Towards an integrated observation and modeling system in the New York Bight using variational methods. Part II: Repressenter-based observing strategy evaluation Academic Article uri icon


  • As part of an effort to build an integrated observation and modeling system for the New York Bight, this study explores observing system design using a representer-based method. The Representer of a single observation describes the covariance between the observed quantity and ocean state at all locations at any time. It is related closely to the influence of the observation on control variable correction in a 4D Variational data assimilation system. We prove that these properties hold for the combination of representers that is associated with an arithmetic function of model variables or a group of observations. The representer-based method is used here to identify which of a set of proposed tracks for an autonomous coastal glider is better for predicting horizontal salt flux within the Hudson Shelf Valley in a 2-day forecast period. Twin experiments confirm the result. The system is also used to compare different observation strategies. We show that a glider that traverses a regular transect influences a larger area than a continuously profiling mooring, but the mooring carries stronger influence at the observation location. The representer analysis shows how the information provided by observations extends toward the dynamically upstream and how increasing the duration of the analysis window captures more dynamical connections and expands the area of influence of the observations in data assimilation. Overall, the study demonstrates that the representer methodology can quantitatively contrast different observational strategies and determine spatial patterns and temporal extent of the influence of observations, both of which are helpful for evaluating the design of observation networks.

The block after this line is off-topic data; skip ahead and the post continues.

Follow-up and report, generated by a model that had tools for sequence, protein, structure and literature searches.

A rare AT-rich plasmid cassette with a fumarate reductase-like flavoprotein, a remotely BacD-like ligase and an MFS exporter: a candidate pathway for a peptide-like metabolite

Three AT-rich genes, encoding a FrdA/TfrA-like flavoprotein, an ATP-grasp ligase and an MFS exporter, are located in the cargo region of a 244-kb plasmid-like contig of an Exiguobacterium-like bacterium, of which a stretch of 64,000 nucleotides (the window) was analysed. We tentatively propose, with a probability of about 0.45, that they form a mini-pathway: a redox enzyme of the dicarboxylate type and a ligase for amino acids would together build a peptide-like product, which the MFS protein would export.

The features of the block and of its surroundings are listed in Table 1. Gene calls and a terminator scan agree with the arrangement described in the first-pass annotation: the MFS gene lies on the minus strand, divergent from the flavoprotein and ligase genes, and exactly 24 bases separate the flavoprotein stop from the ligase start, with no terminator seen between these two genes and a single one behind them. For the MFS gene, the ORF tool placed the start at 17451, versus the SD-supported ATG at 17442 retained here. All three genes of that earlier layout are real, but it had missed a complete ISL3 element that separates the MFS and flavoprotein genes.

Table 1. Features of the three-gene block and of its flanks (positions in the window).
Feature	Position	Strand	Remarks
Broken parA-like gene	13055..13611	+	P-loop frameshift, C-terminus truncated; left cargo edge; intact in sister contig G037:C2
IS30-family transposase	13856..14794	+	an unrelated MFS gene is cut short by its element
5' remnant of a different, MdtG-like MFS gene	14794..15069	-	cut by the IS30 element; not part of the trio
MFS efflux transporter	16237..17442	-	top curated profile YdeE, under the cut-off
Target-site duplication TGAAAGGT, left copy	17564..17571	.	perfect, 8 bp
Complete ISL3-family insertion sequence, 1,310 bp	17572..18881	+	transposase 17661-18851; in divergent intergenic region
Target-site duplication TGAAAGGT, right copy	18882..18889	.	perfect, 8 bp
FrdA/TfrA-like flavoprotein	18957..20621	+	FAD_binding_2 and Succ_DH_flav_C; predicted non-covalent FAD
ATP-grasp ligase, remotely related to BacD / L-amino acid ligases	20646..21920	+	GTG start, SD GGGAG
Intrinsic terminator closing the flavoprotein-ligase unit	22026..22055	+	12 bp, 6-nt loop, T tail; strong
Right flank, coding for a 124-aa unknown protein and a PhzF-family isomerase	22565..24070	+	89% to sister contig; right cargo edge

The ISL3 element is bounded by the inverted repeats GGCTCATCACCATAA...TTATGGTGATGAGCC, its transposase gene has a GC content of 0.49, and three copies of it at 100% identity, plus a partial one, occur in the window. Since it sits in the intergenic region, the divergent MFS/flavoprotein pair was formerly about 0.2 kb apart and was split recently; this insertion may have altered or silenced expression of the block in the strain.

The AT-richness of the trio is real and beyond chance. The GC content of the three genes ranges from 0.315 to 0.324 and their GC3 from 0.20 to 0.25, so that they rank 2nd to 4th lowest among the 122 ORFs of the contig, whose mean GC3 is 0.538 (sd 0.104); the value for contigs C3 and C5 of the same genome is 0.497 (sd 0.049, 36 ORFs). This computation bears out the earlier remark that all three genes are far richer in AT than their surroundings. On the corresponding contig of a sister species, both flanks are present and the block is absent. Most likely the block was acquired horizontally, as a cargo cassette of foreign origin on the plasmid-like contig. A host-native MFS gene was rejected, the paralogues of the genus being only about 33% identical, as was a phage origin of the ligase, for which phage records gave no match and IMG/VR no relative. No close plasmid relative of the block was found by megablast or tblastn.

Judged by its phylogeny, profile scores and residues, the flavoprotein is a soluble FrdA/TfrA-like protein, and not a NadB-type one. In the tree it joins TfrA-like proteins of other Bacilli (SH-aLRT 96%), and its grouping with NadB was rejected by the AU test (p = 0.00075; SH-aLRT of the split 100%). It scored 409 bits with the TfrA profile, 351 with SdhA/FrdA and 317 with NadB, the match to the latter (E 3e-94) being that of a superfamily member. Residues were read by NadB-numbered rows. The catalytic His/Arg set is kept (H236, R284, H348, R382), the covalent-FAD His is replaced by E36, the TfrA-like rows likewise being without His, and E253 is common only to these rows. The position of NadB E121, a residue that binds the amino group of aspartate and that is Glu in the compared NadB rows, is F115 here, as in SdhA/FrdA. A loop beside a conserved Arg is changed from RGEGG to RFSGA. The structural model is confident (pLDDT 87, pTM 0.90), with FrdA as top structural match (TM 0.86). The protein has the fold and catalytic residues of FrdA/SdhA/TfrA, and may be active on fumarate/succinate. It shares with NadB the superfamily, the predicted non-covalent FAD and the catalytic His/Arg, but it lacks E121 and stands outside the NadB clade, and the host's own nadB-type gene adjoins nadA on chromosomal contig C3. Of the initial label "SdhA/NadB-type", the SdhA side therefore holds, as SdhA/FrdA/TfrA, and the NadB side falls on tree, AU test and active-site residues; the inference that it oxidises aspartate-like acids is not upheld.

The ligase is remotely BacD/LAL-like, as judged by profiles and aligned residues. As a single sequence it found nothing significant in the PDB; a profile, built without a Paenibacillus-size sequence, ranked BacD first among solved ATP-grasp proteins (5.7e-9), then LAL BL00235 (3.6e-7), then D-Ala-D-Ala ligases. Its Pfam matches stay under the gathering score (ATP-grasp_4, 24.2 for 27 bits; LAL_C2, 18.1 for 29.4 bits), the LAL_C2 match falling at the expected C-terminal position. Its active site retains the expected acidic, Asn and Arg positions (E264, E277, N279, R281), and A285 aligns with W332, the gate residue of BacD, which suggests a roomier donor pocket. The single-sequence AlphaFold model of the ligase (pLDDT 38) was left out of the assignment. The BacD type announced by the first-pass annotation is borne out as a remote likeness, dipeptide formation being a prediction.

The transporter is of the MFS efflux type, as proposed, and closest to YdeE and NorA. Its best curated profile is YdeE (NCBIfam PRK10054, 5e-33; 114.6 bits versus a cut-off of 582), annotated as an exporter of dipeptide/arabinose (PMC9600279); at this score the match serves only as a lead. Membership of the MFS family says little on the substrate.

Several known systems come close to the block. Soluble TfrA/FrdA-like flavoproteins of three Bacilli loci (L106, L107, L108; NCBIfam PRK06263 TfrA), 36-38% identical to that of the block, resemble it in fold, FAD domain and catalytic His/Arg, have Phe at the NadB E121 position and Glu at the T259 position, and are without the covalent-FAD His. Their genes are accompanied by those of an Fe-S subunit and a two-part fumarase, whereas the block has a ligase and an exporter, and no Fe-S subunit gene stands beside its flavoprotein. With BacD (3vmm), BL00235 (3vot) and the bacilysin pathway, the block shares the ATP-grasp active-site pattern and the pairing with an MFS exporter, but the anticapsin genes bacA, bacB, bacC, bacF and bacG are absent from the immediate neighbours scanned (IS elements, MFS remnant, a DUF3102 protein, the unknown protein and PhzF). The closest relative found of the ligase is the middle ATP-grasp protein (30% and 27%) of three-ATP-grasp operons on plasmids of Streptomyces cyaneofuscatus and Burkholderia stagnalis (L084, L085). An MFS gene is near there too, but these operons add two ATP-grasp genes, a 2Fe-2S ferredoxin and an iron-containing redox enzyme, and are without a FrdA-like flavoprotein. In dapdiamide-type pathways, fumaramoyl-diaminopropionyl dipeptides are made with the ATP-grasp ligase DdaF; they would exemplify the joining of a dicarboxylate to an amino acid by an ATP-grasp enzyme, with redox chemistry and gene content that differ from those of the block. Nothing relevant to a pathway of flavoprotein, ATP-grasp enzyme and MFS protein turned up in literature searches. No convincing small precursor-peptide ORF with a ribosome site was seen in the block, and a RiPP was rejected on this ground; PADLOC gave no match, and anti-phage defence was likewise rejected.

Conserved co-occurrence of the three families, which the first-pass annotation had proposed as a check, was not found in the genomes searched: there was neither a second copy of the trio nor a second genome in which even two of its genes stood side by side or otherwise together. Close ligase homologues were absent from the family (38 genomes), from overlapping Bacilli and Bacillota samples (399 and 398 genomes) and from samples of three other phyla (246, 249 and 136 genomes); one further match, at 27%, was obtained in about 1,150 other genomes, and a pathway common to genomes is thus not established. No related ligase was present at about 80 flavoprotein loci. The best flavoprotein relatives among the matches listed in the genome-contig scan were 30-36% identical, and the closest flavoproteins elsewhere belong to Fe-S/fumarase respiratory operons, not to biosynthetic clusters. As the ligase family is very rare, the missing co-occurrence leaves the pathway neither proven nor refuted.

publication date

  • January 2010